Lawsuits filed in California on May 6 allege that two of the nation's largest tax preparation companies defrauded low-income filers by using deceptive and misleading practices. The companies supposedly made it difficult for taxpayers to access the Internal Revenue Service's Free File program. In the lawsuits, the Los Angeles City Attorney accuses H&R Block and Inuit of violating California's unfair competition law. The litigation asks for injunctions to put an end to the alleged deceptive practices and seeks restitution for filers who paid for tax preparation services even though they qualified for the Free File program.
While diet products are popular in California for people seeking to lose weight, many supplements and other items are backed by little to no meaningful evidence. Now, one advertising agency has settled a joint complaint brought by the Federal Trade Commission and the Maine state government for deceptive advertising. The firm, Marketing Architects, agreed to pay $2 million to the plaintiffs, representing the largest fine imposed on an ad agency. The plaintiffs had accused the company of using false and misleading claims to promote dubious weight-loss regimens.
California-born celebrity Leonardo DiCaprio is one of the investors in a diamond company that recently received a warning letter from the Federal Trade Commission over advertising practices. Diamond Foundry, which counts the actor among its backers, is a purveyor of laboratory-created diamonds. These man-made diamonds have chemical properties equivalent to those of natural, or mined, diamonds. However, rather than being mined from the earth, these diamonds are grown entirely inside a laboratory, typically through the use of a small plasma reactor that allows chemical elements to form a final stone.
One of California's largest tech companies is asking the Supreme Court to intervene in a copyright dispute. Google and Oracle have been locked for years in a battle over 37 APIs, or application programming interfaces, for the Java language. These APIs are used by software programmers to allow different pieces of code to communicate with one another. It is fairly common for programmers to copy other developers' APIs when writing new software, something that Google did with Java APIs when developing code for its Android mobile operating system.
A patent dispute is moving forward in the Southern District of California between two major technology corporations. The litigation between Apple and Qualcomm hinges on whether the latter's alleged monopoly on chipset technologies for mobile phones led to overpayments by Apple and other equipment manufacturers. Qualcomm has previously faced investigations by the European Union and Korean regulators as well as the Federal Trade Commission, paying billions of dollars in antitrust fines over its licensing process for its patents for mobile chipsets.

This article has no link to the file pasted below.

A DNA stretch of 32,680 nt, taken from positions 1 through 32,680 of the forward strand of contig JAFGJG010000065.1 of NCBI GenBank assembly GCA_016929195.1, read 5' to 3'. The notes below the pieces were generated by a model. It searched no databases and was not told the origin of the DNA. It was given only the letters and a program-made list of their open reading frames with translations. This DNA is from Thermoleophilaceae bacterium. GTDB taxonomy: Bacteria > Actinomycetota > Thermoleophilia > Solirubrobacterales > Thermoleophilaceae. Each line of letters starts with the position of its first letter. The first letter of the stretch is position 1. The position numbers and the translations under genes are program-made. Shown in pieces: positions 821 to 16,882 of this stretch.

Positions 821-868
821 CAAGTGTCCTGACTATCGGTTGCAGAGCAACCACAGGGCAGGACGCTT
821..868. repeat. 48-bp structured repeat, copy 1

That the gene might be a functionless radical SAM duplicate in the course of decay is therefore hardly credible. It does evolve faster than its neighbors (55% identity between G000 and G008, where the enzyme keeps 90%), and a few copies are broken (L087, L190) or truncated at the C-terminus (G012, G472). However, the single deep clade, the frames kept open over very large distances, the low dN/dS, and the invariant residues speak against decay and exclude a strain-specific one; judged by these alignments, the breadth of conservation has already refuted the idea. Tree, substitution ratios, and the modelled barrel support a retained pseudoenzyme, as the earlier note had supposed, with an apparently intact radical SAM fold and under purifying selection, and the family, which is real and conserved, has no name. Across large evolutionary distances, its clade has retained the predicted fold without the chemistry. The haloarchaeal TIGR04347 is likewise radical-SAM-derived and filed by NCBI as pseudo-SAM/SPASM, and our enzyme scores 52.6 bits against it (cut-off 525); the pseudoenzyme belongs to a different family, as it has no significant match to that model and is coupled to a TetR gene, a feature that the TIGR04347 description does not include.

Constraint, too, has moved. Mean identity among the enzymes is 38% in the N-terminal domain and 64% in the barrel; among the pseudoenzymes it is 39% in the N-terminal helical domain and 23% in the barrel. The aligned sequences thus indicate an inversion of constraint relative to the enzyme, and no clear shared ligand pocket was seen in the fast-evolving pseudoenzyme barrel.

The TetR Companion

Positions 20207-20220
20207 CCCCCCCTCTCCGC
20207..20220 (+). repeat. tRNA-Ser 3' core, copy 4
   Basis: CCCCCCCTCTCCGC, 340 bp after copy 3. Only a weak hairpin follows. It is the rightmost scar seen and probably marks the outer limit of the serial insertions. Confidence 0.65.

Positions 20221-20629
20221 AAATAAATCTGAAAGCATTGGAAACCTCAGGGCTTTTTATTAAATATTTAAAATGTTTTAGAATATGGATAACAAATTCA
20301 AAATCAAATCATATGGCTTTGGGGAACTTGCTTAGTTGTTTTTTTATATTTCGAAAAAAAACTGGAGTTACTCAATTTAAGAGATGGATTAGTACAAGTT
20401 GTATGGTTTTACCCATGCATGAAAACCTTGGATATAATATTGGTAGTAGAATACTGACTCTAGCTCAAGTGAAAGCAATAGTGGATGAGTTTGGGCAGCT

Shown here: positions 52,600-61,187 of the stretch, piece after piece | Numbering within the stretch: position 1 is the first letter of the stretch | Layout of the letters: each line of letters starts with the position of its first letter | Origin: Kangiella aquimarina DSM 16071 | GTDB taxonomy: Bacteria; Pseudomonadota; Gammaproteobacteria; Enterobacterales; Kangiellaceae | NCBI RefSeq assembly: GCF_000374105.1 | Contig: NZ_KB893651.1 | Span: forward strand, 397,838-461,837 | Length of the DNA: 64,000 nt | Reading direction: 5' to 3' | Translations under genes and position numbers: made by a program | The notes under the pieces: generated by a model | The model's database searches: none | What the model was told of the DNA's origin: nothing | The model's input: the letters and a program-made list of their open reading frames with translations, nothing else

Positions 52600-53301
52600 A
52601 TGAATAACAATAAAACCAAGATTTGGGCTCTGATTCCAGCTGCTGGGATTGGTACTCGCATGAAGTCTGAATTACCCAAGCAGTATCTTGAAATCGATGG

Some art aficionados in California may have heard about a dispute between companies owned by two prominent art collectors involving a mixed-media work by Frank Stella that has resulted in a lawsuit against another gallery. The lawsuit was filed by Artemus in July in the New York Supreme Court against the Paul Kasmin Gallery. It alleges that the gallery falsified documents related to the Stella work.
Some California residents may be aware that Fujifilm and Xerox were in talks about a merger. On June 18, Fujifilm filed a lawsuit against Xerox for reneging on the deal. Fujifilm is asking for more than $1 billion and punitive damages since Xerox walked away from the $6.1 billion transaction.
California residents who follow business news may be aware that Adidas and Skechers have been embroiled in disputes over sneaker designs for more than two decades. Adidas filed a lawsuit in September 2015 alleging that the Onix sneaker made by Skechers was a virtual copy of its iconic Stan Smith shoe, and the German company's arguments were convincing enough to persuade a judge to prohibit Skechers from selling athletic footwear featuring a three-stripe design or the Supernova name.
Unfortunately, unfair competitions can hurt many consumers and businesses in California. Practices that are deemed to be unfair include trademark infringement, false advertising and misappropriation of trade secrets. Both state and federal laws aim to protect consumers and businesses from being hurt by such illegal acts. Consumer protection laws are generally distinct from those that protect companies from such activities.
Californians who are planning to launch new websites should take care to avoid several common pitfalls involving intellectual property. If business owners are not careful with their website launches, they may be sued in court. It is important for businesses to conduct due diligence before they launch their websites.